In this work we consider the current certification process of applications with physical human–robot interaction (pHRI). Two major hazards are collisions and clamping scenarios. The implementation of safety measures in pHRI applications typically depends strongly on coordinates, e.g., to monitor the robot velocity or to predict external forces. We show that the current certification process does not, in general, guarantee a safe robot behavior. In particular, in unstructured environments it is not possible to predict all risks in advance. We therefore propose to control the energy of the robot, which is a coordinate invariant entity. For an impedance controlled robot, the total energy consists of potential energy and kinetic energy. The energy flow from task description to physical interaction follows a strict causality. We assign a safe energy budget for the robot. With this energy budget, the presented controller auto-tunes its parameters to limit the exchanged kinetic energy during a collision and the potential energy during clamping scenarios. In contact, the robot behaves compliantly and therefore eliminates clamping danger. After contact, the robot automatically continues to follow the desired trajectory. With this approach the number of safety-related parameters to be determined can be reduced to one energy value, which has the potential to significantly speed up the commissioning of pHRI applications. The proposed technique is validated by experiments.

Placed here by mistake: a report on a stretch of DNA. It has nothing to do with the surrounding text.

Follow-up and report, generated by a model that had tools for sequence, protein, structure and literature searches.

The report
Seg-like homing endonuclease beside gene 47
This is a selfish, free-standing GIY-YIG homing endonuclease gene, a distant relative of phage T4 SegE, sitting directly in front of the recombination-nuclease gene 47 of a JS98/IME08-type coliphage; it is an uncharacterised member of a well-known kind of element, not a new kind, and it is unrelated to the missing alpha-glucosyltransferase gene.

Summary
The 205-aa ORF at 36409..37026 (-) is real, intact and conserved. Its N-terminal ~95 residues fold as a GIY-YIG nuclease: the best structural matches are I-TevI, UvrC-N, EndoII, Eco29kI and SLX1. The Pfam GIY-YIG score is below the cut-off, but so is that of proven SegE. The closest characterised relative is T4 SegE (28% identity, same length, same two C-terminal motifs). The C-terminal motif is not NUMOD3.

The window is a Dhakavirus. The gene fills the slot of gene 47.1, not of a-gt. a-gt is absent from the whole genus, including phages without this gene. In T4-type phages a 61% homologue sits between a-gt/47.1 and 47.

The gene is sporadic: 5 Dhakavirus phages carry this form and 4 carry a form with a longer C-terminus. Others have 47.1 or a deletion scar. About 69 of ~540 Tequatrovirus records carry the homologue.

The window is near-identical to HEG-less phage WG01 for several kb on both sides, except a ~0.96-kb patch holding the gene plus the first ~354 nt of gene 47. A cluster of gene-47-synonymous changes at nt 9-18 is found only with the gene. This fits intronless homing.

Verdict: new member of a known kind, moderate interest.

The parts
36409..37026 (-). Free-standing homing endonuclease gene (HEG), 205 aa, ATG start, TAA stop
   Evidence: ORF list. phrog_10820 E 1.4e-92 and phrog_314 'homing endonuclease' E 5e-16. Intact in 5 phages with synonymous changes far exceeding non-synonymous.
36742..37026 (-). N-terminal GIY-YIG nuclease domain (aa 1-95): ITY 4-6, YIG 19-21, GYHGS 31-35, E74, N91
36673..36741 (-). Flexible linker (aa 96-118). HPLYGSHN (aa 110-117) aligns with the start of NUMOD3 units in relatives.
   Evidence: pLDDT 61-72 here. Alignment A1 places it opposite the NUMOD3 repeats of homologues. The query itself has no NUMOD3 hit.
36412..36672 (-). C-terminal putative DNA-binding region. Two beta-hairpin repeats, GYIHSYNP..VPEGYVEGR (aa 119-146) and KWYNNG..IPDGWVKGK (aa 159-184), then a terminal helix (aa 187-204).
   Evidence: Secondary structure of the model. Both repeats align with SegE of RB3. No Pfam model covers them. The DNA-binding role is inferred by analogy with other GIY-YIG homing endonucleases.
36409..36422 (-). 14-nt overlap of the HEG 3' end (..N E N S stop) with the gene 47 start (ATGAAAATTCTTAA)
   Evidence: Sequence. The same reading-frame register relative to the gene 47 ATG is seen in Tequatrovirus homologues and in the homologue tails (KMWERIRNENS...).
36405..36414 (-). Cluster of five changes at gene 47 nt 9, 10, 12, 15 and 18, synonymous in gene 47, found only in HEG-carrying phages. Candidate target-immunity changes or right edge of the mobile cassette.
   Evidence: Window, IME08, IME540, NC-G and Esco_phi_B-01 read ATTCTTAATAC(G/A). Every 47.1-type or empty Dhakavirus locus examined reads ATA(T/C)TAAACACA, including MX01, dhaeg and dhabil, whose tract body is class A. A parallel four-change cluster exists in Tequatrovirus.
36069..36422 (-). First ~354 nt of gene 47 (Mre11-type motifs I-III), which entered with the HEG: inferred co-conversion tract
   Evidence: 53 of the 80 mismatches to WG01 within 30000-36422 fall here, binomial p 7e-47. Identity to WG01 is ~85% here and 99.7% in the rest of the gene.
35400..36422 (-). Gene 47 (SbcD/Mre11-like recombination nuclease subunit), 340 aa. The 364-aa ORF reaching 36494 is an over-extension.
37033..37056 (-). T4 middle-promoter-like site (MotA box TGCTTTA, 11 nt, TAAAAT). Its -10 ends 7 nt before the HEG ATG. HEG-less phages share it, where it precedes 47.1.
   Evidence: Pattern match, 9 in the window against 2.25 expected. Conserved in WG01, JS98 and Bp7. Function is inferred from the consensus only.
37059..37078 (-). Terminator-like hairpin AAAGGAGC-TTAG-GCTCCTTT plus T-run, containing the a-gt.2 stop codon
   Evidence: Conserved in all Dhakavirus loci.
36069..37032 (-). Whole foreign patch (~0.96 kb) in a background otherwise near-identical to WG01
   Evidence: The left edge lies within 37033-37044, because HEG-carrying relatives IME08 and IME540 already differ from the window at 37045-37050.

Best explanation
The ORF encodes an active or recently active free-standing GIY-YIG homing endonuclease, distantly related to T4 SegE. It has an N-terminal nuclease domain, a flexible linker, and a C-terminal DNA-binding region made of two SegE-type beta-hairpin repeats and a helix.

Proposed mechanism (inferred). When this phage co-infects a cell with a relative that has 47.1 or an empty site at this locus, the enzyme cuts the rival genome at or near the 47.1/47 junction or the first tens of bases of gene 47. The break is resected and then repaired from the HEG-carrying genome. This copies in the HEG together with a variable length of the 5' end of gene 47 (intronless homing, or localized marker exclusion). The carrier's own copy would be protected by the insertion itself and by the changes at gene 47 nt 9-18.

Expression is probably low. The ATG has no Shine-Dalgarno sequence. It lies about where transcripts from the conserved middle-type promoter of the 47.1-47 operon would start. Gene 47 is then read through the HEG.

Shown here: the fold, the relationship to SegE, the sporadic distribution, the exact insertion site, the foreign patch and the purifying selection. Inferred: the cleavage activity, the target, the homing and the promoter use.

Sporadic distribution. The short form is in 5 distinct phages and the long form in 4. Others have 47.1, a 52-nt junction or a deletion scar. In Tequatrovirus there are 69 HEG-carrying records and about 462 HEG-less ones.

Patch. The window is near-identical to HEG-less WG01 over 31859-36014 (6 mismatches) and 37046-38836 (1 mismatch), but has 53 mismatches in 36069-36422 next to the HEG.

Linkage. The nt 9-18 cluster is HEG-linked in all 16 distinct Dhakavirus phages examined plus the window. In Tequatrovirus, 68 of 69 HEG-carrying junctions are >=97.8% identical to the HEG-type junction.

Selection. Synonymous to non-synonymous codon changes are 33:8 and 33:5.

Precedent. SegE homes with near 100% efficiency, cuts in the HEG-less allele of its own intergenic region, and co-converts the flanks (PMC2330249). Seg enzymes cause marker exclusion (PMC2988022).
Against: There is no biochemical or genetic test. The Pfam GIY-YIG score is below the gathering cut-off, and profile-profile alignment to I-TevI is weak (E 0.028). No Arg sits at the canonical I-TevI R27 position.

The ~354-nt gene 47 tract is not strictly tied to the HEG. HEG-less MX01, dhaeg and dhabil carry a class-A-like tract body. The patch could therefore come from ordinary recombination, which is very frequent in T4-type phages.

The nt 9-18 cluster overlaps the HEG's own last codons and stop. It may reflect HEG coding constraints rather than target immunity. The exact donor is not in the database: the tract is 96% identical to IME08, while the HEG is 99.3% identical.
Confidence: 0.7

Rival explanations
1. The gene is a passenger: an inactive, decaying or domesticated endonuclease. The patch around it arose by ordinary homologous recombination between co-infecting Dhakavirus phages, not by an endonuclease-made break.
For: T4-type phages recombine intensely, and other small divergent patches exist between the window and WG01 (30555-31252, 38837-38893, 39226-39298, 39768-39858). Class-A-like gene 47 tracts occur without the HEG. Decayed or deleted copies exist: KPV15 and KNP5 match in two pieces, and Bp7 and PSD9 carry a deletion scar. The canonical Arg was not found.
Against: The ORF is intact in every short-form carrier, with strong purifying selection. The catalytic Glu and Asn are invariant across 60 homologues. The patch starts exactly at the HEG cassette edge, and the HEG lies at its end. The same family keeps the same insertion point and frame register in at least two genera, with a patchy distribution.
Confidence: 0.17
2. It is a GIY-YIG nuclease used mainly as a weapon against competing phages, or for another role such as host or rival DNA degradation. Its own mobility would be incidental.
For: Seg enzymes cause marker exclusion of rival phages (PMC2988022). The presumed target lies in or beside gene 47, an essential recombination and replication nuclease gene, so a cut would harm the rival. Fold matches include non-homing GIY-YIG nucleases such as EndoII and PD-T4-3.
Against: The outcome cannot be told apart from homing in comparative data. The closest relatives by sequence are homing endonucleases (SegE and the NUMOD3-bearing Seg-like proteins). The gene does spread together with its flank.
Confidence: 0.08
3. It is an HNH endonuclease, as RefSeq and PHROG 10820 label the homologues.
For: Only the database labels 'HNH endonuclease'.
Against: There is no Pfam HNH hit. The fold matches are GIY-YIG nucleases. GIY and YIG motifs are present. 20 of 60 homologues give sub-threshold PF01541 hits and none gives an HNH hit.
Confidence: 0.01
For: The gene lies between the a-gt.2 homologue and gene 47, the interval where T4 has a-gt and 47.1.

- energy-aware control
- impedance control
- Physical human–robot interaction
- coordinate invariance